In paleontology, you’re always most likely to find something on the very last day of the season. That’s what happened in 2007, when a multi-institution team of paleontologists was poking around Patagonia’s Huincul Formation looking for one last find. “It’s the last day, you’d better find something good!” Field Museum paleontologist Pete Makovicky joked to the team. Then Akiko Shinya, his lab preparator, did just that. A few moments after Makovicky’s command, Shinya found the first signs of an unusual dinosaur with an unexpected connection to the celebrated Tyrannosaurus rex.
The new dinosaur, described today by Makovicky and coauthors in the journal PLOS ONE, only survived in pieces: part of the spine, belly ribs, tail, hips, hind limbs, and arms were recovered. However, taken together, these parts represent a species of dinosaur not seen before in the approximately 94-million-year-old boneyard of northern Patagonia. The researchers have named it Gualicho shinyae, with the species name honoring Shinya for her 11th hour discovery. Gualicho refers to a Spanish name for a local goddess later reinterpreted as a wellspring of bad luck. “The name was chosen to reflect the difficult circumstances surrounding the discovery and study of the specimen,” the paleontologists write, “and its contentious history following excavation.”
Gualicho’s most striking feature is one some might see as its most pathetic: Like T. rex, the arms of Gualicho are short and spindly, with only two prominent fingers. The remnant of the third finger is reduced to a tiny splint. This wouldn’t be surprising in a tyrannosaur, but Gualicho is no T. rex: the dinosaur belonged to a group that included Allosaurus and its kin—predators that usually have been found with longer arms and three functional fingers. No one had found an allosaur with arms like this before, making the find a puzzling one for paleontologists. “The reduction of the hand and number of digits is particularly striking,” says University of Southern California paleontologist Michael Habib, who was not involved in the research.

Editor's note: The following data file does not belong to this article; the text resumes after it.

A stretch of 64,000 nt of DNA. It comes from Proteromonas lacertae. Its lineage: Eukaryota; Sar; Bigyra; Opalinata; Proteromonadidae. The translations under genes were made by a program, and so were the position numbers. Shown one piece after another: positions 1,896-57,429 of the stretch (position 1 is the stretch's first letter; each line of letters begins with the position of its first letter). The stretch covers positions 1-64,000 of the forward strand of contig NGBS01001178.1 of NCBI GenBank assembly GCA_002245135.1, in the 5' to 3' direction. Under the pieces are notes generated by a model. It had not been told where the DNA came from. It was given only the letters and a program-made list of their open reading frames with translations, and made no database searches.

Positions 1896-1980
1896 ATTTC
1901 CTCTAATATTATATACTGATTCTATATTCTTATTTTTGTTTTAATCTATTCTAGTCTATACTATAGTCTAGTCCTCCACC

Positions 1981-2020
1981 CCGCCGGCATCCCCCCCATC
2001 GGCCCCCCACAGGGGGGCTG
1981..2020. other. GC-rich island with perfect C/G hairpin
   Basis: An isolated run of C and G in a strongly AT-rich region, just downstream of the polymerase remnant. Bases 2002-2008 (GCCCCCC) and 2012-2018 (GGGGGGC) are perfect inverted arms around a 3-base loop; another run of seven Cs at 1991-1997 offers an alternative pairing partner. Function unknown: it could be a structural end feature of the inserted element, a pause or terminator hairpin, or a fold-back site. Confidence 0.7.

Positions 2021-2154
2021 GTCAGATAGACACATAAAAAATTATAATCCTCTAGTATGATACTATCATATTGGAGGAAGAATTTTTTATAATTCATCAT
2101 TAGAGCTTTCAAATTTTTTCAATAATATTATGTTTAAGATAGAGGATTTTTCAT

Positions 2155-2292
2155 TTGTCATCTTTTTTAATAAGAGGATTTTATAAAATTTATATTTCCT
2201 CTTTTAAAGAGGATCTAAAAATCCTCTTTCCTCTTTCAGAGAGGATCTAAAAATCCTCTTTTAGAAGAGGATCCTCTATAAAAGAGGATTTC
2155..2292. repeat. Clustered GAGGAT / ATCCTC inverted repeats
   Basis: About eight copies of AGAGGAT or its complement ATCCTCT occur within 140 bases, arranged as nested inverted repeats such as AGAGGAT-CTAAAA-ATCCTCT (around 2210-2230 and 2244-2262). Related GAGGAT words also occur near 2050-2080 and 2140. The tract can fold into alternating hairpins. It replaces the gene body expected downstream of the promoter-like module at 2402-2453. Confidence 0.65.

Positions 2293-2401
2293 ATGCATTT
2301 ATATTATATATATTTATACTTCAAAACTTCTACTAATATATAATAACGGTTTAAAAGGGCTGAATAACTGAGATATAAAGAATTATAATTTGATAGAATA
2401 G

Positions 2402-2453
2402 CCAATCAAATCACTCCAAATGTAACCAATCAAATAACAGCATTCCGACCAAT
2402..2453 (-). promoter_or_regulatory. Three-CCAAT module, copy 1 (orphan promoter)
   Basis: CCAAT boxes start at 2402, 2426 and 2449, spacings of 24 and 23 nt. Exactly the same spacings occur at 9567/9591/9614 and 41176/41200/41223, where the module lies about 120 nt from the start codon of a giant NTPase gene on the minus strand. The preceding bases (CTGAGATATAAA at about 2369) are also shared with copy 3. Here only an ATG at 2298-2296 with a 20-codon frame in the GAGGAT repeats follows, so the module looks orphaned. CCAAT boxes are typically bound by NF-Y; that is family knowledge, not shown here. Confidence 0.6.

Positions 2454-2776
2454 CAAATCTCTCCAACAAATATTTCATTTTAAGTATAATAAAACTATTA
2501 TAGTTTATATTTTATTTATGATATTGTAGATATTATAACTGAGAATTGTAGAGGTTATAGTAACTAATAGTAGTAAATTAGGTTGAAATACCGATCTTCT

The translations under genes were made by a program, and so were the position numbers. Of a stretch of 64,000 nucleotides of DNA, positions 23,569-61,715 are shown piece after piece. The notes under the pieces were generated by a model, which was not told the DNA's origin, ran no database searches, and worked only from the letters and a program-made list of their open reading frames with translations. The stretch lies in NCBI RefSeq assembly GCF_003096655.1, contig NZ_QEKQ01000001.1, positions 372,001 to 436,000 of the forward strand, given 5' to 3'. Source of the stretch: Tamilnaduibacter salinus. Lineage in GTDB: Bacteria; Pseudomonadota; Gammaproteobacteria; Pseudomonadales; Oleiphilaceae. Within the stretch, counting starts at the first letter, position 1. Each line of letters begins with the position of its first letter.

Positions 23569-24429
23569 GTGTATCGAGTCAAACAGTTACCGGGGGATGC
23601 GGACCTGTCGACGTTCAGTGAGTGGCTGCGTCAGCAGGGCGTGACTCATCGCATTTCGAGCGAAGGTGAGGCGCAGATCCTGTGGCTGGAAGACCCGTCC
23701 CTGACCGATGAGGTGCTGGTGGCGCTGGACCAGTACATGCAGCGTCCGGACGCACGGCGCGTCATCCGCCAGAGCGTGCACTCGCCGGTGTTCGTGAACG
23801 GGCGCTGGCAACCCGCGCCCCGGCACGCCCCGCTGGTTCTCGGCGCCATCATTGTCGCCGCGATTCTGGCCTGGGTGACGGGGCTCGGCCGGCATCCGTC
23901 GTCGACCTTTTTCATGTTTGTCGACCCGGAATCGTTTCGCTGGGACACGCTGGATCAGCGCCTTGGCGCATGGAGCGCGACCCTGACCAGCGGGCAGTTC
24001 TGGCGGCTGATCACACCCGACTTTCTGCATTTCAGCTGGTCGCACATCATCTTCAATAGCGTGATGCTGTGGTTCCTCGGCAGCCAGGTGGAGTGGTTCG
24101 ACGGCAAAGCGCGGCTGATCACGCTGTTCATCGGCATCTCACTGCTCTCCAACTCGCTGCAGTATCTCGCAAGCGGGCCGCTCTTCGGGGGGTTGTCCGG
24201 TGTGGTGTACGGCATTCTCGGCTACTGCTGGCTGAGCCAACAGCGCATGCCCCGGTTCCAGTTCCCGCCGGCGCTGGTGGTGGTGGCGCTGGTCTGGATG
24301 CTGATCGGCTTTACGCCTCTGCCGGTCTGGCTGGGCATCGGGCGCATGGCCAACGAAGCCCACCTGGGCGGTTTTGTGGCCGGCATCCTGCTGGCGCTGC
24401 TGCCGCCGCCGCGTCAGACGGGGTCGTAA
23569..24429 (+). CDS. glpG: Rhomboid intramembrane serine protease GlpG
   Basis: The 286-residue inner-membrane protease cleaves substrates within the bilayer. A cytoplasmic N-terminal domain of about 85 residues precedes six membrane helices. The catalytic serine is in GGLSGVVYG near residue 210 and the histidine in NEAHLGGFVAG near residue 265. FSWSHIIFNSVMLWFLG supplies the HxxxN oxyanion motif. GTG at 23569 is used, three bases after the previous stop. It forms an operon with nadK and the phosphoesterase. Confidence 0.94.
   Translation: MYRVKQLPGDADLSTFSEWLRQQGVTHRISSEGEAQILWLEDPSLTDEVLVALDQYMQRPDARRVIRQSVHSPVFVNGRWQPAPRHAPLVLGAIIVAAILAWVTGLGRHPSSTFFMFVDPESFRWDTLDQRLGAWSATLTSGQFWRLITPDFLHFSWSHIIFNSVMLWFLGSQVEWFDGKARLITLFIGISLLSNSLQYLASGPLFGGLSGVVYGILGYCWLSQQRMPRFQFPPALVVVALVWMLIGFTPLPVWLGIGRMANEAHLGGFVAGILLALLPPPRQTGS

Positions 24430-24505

So apparently arm day at the gym was not a thing for Gualicho, just as it wasn’t for Tyrannosaurus, the stubby-armed Carnotaurus, and other predatory dinosaurs that independently evolved abbreviated forelimbs. The question facing paleontologists is: why so small?
Smaller arms and hands in dinosaurs like Gualicho, Tyrannosaurus, Carnotaurus, and others, says University of Maryland paleontologist Thomas Holtz, Jr., “is almost certainly due to the shared reduction in function in said limbs.” Thinking in terms of how these dinosaurs hunted, Holtz says that this almost certainly marks “a shift to head-only prey acquisition and dispatch.”
That is, long arms with meathook claws may not have been much benefit to Gualicho and other carnivores. “The forelimbs of most theropods likely had only limited function,” Habib says, meaning that smaller forelimbs, while silly-looking, might not have been a disadvantage. Quite the opposite: “Reducing the arms was probably ‘beneficial’ in that they got them out of the way of the more powerful jaws,” says Holtz, who was also not involved in the research. More than that, Habib points out that “The most obvious advantage to having short arms for a terrestrial carnivorous dinosaur is the associated increase in available space for neck muscles to anchor to the torso.”
In other words: smaller arms, better bite.